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As schools’ half-term holidays loom, many of us are heading for the slopes to enjoy our annual skiing trip – so now’s the time to think not just about your skis and boots … but also about your back.

I’ve loved skiing for the past 20 years, having started when I was young, and it's always been a favourite holiday of mine. Many years ago, I went tobogganing and, for a laugh, decided to use a black bin liner. I badly damaged my coccyx, an injury that then plagued me throughout my early adult years. 
I’ve always regretted that foolish moment, although it has forced me to be very aware of my back since and later encouraged me to develop my career as an ergonomist, advising UK businesses on how they can reduce their risk of back pain in the workplace. 

When we go skiing, we need to be sure that our bodies and backs are healthy because skiing is a very challenging exercise. My teenagers can just get up and go because they do a lot of sport anyway and are pretty fit. For skier of all ages, here are my 6 top tips on how to enjoy skiing while remaining injury-free:


Pre-ski
1. Your skiing preparations should begin at the office: In the run-up to your holiday, correct your posture when you are sitting at work. Don’t slouch as this will weaken your muscles. Keep your muscles strong by sitting upright. Ideally six weeks before you go away, also build up your fitness with whatever exercise you enjoy doing. So often we sit in the office for long periods, neglecting the exercise we need. Try to find time so you are a little bit fitter when you arrive at the slopes. It's all too easy to just keep going on our computers to try and get that last piece of work done before your holiday starts, but prioritise exercise, so you can enjoy the trip and return to work injury-free.

2. Check your equipment before you go: Some friends of ours told us on our last trip that their old ski boots just disintegrated when they were out on the slopes. This can happen at any stage. I then realised that I have been skiing for more than 20 years and was wearing the same old boots I bought way back then. They badly needed an update. Check that the plastic on your boots is still strong. I invested in a new pair and was very impressed by how technology has advanced. Nowadays, boots secure your ankles in much more efficient ways. Plus, modern boots are very lightweight, so it is easier to ski more freely. The technological improvements to boots are driven by safety concerns. It turns out that my boots were real dinosaurs. A disaster waiting to happen.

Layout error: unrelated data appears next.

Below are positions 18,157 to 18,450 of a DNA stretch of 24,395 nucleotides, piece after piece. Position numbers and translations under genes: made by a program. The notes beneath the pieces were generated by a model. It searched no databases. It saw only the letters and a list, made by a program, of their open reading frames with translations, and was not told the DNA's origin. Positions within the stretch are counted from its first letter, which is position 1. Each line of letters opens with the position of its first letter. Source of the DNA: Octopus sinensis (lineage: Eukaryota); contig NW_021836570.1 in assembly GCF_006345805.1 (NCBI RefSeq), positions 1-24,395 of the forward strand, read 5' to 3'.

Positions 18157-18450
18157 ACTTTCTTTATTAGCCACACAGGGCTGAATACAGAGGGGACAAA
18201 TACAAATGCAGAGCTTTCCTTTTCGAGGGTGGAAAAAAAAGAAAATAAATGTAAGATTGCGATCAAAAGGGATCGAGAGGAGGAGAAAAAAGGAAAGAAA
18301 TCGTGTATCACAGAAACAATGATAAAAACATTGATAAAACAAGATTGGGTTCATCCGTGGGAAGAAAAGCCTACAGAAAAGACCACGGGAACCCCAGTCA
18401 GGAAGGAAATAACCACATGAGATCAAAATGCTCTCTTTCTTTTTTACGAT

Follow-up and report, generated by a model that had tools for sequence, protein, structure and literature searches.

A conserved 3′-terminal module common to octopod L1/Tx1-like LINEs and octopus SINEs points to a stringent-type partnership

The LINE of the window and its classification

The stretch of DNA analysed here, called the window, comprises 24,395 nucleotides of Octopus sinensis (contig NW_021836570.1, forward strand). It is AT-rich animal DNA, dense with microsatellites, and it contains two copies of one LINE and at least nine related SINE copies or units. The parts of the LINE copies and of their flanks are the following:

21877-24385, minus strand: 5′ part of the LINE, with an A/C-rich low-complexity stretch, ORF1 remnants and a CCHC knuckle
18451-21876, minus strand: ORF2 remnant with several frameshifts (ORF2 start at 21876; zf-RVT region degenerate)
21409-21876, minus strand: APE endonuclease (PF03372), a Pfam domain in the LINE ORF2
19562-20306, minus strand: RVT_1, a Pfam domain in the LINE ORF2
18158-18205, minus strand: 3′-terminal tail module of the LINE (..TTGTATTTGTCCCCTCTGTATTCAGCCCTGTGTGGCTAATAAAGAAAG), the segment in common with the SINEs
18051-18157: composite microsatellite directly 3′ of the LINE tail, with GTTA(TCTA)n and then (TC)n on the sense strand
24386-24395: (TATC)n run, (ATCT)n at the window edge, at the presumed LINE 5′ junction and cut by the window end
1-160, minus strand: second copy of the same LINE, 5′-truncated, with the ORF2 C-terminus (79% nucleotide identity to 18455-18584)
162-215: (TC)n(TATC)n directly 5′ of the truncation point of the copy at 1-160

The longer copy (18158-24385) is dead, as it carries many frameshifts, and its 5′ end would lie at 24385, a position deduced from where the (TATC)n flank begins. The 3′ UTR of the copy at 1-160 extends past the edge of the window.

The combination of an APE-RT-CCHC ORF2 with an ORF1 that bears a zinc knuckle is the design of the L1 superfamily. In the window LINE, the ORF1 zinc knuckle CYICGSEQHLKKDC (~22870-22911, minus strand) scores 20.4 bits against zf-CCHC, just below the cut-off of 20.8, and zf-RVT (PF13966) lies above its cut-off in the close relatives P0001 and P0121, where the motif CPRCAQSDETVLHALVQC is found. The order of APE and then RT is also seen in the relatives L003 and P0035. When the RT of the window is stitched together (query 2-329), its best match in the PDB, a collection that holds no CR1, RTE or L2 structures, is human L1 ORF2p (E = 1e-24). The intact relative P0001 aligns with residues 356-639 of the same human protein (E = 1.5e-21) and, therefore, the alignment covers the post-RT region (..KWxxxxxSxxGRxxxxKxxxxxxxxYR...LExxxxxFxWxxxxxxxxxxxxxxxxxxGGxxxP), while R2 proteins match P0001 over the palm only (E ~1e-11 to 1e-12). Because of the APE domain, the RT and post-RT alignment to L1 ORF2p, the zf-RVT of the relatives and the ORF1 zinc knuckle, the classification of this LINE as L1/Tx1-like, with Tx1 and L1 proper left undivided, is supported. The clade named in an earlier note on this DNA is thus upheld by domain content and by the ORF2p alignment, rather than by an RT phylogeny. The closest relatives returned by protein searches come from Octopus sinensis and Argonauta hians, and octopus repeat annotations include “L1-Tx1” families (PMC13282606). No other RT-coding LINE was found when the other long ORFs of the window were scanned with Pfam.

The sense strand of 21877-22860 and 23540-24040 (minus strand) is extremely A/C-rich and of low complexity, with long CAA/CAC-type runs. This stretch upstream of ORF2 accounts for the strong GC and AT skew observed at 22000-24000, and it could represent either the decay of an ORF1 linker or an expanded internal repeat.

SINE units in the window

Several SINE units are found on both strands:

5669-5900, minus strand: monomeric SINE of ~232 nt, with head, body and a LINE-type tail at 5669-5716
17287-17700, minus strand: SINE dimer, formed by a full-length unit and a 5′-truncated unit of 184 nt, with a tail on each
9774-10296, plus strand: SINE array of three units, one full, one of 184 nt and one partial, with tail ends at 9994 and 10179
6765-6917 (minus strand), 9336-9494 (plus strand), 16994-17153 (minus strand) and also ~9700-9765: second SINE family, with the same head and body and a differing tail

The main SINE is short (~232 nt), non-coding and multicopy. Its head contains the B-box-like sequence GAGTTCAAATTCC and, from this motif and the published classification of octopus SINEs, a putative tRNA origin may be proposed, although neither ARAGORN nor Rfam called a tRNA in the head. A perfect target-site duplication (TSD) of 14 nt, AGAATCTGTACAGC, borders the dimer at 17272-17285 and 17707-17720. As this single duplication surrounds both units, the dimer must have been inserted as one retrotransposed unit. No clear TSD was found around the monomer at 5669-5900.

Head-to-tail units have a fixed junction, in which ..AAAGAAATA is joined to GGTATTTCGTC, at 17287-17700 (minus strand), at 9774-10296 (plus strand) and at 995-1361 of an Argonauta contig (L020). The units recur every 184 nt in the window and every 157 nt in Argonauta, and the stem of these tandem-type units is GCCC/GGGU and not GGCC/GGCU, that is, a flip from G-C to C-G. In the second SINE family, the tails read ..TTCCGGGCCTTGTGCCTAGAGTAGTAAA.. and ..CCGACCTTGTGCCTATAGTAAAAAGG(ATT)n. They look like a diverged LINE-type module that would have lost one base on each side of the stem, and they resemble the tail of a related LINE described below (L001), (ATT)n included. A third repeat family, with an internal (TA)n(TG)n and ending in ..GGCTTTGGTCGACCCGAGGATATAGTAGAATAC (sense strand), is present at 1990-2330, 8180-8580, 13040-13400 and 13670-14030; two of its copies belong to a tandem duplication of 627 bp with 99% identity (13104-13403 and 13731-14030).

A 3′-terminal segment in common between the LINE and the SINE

During skiing

3. Build up slowly: I’m a bit of a ‘fine-weather skier’ myself these days. It's your choice if you want to venture out in blizzards and white-outs, but if you do, just start off a bit slow and build up steadily through the week. I love every opportunity to stop if the sun is shining, to linger on a terrace sun-lounger and enjoy a nice, hot drink. If you’re someone who prefers energetic skiing in more challenging conditions, just remember that to avoid injury it’s advisable to build up slowly through the week. 

4. Don’t neglect your morning stretch: Warm up your body and back every day before you go out and hit the slopes. Start with some light stretches or warm-up movements very first thing in the day as you are getting dressed to go out. When your body is cold, it is more prone to injuries. And once you are out on the mountain, don't race straight off on the black route, try some less challenging blue or red runs first while your body acclimatises. 


Post-ski
5. Beware back-injury danger when taking off ski boots: When you return from the slopes to your accommodation feeling tired, removing your heavy ski boots is going to be a struggle. Try not to twist and bend when taking your boots off. Instead, adopt a neutral posture when reaching down. Boots will always be tight, so try to loosen them as much as possible as they’ll be hard to pull off. Even better, ask a friend of partner to pull them off for you. And always sit down to take off your boots. Protect your back and lift your leg up while trying not to twist.

 6. Invest time in warm-downs: Remember to do some warm-down exercises when you get back to your room. Spend 5-10 minutes doing some simple stretches. Run a body check to check and stretch out any parts of your body that feel tight, which will normally be your hamstrings or your glutes. Any time spent doing this warm-down will prove beneficial, for the rest of the day and the following day.

 

Enjoy your back-injury-free holiday. Wherever you’re skiing, take care and have fun.

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